The UK is heading for an election on December 12, following a series of votes in the House of Commons. The House of Lords must approve the move, but its backing seems almost certain, meaning the campaign for a pre-Christmas poll will formally begin within days. This followed hours of intense discussions and attempted amendments in the Commons, and a failed attempt by the opposition Labour Party to bring the vote forward to December 9.
When he first moved into Downing Street as prime minister, Boris Johnson was adamant that he did not want an election. But more recently he has effectively been daring the opposition parties to allow him to have one. This u-turn comes as a result of his inability to secure a majority for his Brexit plans and a desire to repopulate parliament with MPs who would vote for his deal by the new deadline of January 31. He hopes that a "get Brexit done" platform can deliver him the majority he needs.
Labour leader Jeremy Corbyn had been calling for a general election when Johnson first became prime minister. But he soon shifted position, blocking a vote until the government guaranteed that it wouldn't take the UK out of the EU without a deal. Corbyn now says that this condition has effectively been met, at least for the time being, because the EU has granted a Brexit extension until January 31 2020.
However, the threat of a no deal has merely been delayed, not removed. A no-deal scenario is still very possible come February 2020 or indeed if Johnson's Brexit deal is passed but no new trading arrangements are agreed before the end of a transition period.
A big gamble for both sides
It is hard to ignore the fact that political expediency – as well as Brexit concern – has been a key motivator in Labour's delay tactics. Polls suggest that Corbyn's party might not fare all that well in this election and it is not necessarily in its interests for one to happen now.
However, there is a sense that Corbyn has run out of excuses. Despite being very unsuccessful in the legislature, Johnson and his team have been very good at controlling the narrative. Their criticisms of Labour have resonated, leaving Labour with little room to manoeuvre. The opposition has thus decided to risk an election, perhaps hoping for a repeat of its late surge in the 2017 election. There is also a chance that the increased pressures that winter puts on public services can play into Labour's hands as it challenges a governing party that has enacted severe cuts to public spending since 2010.
Corbyn has been unable to argue consistently or convincingly on Britain's departure from the EU. His best shot, then, will be to focus on policy issues other than Brexit. With that in mind, he is already promising a "radical, hopeful" campaign, with an emphasis on running the country "for the many, not the few".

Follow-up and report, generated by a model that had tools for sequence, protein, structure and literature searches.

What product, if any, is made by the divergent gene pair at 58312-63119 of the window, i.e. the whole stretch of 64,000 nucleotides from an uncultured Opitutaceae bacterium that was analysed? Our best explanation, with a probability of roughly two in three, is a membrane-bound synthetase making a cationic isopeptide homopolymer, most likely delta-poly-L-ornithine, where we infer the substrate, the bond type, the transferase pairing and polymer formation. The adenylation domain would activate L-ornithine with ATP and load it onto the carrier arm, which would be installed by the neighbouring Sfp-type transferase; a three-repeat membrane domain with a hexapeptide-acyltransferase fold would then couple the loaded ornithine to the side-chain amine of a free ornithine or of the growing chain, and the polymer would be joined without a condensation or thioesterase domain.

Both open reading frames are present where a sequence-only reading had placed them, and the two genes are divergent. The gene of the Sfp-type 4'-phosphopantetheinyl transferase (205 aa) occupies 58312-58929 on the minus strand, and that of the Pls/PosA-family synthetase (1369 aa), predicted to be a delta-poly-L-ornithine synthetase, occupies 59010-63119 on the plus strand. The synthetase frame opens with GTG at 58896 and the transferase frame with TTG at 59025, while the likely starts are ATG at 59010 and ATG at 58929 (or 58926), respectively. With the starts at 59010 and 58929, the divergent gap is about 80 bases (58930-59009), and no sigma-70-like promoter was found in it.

That said, Labour also needs Johnson to be damaged by his failure to take the UK out of the EU on October 31 as promised, so it can't afford to ignore the issue entirely. It can marry the two themes by highlighting how Johnson's Brexit deal would be bad for ordinary people.
A big moment for small parties
It was, in the end, a manoeuvre by the firmly anti-Brexit smaller parties the Liberal Democrats and the Scottish National Party (SNP) that secured this election. Both had been hesitant about voting in favour of a poll until a no-deal scenario is well and truly off the table.
The logic of this is that an election could return a parliament that would be more amenable to their preferred Brexit outcomes and perhaps even facilitate a second referendum. However, it is a risky strategy. The Liberal Democrats did well in the European Parliament elections but this is no guarantee that they will do as well in a national election. Despite bold dreams of a Liberal Democrat majority, it is more likely that the best the party could hope for is a coalition or deal with other parties to take control of the Brexit narrative. That will need Labour to do well too, and it is far from certain voters will deliver success for both parties.
This election is a big gamble for everyone involved. Johnson needs a good majority if he wants to "get Brexit done". While the polls look good for him at the moment, a lot can and often do change once the campaigning begins. Anything short of a Tory majority could see the opposition parties band together to frustrate the Conservatives and perhaps even form a coalition. The Conservatives have very few allies with which they could do the same.
However, if the opposition parties can't win enough seats, they may no longer have the power to stop Johnson and stall Brexit. The stakes could not be higher for the country or the party system itself.
Chris Stafford, Doctoral Researcher, University of Nottingham. This article is republished from The Conversation under a Creative Commons license.